As I take a seat on a bench in front of Cinderella’s castle on a cool November evening, an instant feeling of tranquility and bliss washes over me. I marvel at the glittering display of sparkling lights on the façade of the castle as I bite into a warm, freshly baked, caramel-coated apple.
After relishing the grandeur of this sight, I turn my attention towards my surroundings to soak in everything else around me – the sights, sounds and smells were like cherries added to the top of a delectable, sensory treat.
I can hear the sounds of two toddler boys laughing as they chase each other during a game of tag. I see a little girl proudly prancing around like a peacock in her miniature Disney Princess regalia.
The soothing melodies of the songs that defined my childhood playing in the background, and the whiff of cinnamon flavored buns fresh from the ovens of a nearby bakery, all wrap me up in a warm blanket of comfort.
In my heart, I knew that this was a moment that I would treasure and return to in my thoughts. Although my visits to Disney parks has been a regular ritual for me and my family for many years, what I experienced that evening felt special.
I felt connected to Walt Disney’s spirit and his intention to create the “the happiest place on Earth” – a place where dreams are celebrated, where a sense of wonder and curiosity are encouraged, and where wholesome fun and family traditions are the norm.
I believe that the world is in desperate need of places like these. The rapid pace of modern life has caused people to be perpetually tired, overworked and overwhelmed by urgency and stress.
Returning to our child-like state can not only heal these symptoms but also help us live richer and fuller lives.
When we arrived into this world, our minds were blank slates, but after enduring many years of mental conditioning, we lost touch with the gifts of that pure consciousness that we were born with.
Our parents, teachers, or whoever had an impact on our thinking, made us believe that life is a serious affair that requires a cautious and serious approach. Although there is some truth to that, it can water down our zest for life.
No doubt, we all face real-world challenges such as raising a family, maintaining a steady flow of income, or dealing with the general ups and downs of life. But if we take life too seriously, we’re prone to a zombie-like existence of going through the motions, unable to appreciate the rich colors and textures in the tapestry of life.
There’s a big difference between being “child-like” and “childish”. A “childish” behavior pattern is demonstrated by an unwillingness to face reality and take responsibility for one’s actions. A “child-like” disposition, on the other hand, is demonstrated by a display of all the positive attributes, retained from childhood, such as openness, curiosity and play.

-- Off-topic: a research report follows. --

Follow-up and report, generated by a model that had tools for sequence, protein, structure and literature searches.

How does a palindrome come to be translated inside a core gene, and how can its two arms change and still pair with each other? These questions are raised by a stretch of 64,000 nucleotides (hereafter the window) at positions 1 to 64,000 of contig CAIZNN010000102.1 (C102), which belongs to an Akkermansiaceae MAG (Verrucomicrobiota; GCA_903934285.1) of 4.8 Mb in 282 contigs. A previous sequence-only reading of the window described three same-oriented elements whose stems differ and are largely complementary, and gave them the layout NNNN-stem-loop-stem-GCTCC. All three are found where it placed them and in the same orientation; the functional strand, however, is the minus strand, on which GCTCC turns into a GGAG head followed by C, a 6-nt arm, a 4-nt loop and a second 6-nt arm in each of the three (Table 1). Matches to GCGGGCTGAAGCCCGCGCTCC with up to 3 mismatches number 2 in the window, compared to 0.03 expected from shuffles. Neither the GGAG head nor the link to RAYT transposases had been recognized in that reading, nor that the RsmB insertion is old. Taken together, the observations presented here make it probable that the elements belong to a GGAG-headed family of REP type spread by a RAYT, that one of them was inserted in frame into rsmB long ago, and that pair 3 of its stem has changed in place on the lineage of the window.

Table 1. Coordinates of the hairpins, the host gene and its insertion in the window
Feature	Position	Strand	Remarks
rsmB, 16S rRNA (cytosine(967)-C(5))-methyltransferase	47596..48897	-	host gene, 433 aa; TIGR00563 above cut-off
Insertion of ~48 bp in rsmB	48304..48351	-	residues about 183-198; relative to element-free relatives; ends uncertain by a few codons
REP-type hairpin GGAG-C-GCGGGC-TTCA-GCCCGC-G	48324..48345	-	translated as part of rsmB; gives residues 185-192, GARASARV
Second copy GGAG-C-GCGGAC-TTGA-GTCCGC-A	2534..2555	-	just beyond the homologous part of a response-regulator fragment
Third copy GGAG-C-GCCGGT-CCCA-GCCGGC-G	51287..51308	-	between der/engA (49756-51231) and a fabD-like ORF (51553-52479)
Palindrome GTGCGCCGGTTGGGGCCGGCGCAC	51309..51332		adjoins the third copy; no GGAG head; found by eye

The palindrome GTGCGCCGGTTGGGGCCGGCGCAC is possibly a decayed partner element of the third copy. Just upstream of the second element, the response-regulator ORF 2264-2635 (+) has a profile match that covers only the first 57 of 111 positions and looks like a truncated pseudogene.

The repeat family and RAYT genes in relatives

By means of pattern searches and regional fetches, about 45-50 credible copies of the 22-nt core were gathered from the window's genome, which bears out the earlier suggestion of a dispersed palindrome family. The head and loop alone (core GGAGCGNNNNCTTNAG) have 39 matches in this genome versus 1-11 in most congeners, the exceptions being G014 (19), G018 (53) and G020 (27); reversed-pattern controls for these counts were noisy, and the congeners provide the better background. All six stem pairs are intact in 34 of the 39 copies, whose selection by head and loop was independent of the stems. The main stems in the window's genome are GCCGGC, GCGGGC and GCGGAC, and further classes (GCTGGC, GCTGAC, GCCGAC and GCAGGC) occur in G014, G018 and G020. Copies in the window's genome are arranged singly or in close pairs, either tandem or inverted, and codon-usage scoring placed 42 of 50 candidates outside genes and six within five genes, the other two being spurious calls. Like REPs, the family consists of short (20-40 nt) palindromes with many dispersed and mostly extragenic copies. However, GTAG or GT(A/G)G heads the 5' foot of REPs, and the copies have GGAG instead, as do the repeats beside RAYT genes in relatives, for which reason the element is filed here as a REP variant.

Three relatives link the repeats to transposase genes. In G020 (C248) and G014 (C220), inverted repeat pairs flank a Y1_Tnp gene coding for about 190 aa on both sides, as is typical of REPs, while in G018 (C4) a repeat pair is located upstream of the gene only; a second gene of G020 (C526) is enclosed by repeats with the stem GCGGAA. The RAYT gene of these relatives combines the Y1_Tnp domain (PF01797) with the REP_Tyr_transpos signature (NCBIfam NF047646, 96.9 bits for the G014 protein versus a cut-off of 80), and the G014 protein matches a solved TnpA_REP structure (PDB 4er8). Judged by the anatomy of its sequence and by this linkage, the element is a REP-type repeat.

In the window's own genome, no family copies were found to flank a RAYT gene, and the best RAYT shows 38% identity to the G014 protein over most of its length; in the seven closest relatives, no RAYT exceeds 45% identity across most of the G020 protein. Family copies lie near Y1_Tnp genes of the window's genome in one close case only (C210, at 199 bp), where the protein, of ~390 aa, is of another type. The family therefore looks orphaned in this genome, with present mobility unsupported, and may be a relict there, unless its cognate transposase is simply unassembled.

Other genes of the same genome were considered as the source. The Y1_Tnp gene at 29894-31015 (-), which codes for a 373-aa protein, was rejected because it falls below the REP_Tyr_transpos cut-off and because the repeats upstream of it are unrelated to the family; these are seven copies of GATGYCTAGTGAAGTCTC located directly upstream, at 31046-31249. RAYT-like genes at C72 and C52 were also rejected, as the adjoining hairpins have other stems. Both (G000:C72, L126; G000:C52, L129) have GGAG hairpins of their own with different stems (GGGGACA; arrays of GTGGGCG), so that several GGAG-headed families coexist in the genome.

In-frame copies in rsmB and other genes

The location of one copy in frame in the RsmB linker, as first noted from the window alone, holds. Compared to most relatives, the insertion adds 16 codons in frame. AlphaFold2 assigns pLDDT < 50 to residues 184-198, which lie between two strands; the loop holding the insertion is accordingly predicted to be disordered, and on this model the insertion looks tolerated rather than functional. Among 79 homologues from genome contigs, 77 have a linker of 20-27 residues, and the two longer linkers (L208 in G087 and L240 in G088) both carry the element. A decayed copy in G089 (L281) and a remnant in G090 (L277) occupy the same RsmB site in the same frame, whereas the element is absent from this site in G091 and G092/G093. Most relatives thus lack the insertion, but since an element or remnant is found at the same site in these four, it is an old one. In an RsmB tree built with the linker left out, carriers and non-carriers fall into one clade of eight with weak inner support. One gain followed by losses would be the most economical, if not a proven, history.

We need to aim for re-connecting with our “child-like” sensibilities. Not only will it add more joy to our lives, but it give us an empowering outlook that will push us to dream big and take action on those dreams.
Over the years, I’ve developed several rituals and activities that give me plenty of opportunities to bring out my inner kid, such as scheduling play-time with my niece and nephew, watching animated movies, and playing board games with friends.
I encourage you to do the same. Here are some guidelines on identifying the activities that you would most resonate with:
1. Always be open to learning: Many people delude themselves into thinking that they know it all or that learning stops after they graduate from school. They miss out on the opportunities to broaden their horizons with new learning. Whether it’s related to a career pursuit or something entirely different such as a new language or art, the objective is to bring you back to a beginner’s mindset.
2. Make “play” a priority in your life: ‘Play’ pertains to any activity that you consider to be fun. Most people associate “play” with hobbies related to the arts or sport, which can either be enjoyed alone or with other people. Create your own list of activities that you consider “play” and schedule non-negotiable “play-time” during your week.
3. Maintain a sense of wonder: Children are a lot easier to impress than adults because they see everything from a place of wonder. Painful and tough experiences may have blocked our hearts, preventing us from appreciating the vibrancy and beauty of life. We need to re-open our heart space to re-create that sense of “wow” that felt magical to you as a child.
4. Stay hopeful and open to possibilities: Children wish upon stars because they know that if they truly believe in their dreams, their wish will come true. As adults, we need to tap into that child-like hope whenever we are ready to take a leap of faith in any area of our life, while staying open to whatever guidance and messages we receive as we try to find our way.
Ultimately, getting in touch with our inner child is a way for us to let go of our limiting beliefs and social masks. We begin to live our life from a place of authenticity and faith in the unknown.
All my best on your journey,
Question for you: Have you been in touch with your inner child? If not, which personal beliefs prevented you from doing so? What can you do to begin changing them?
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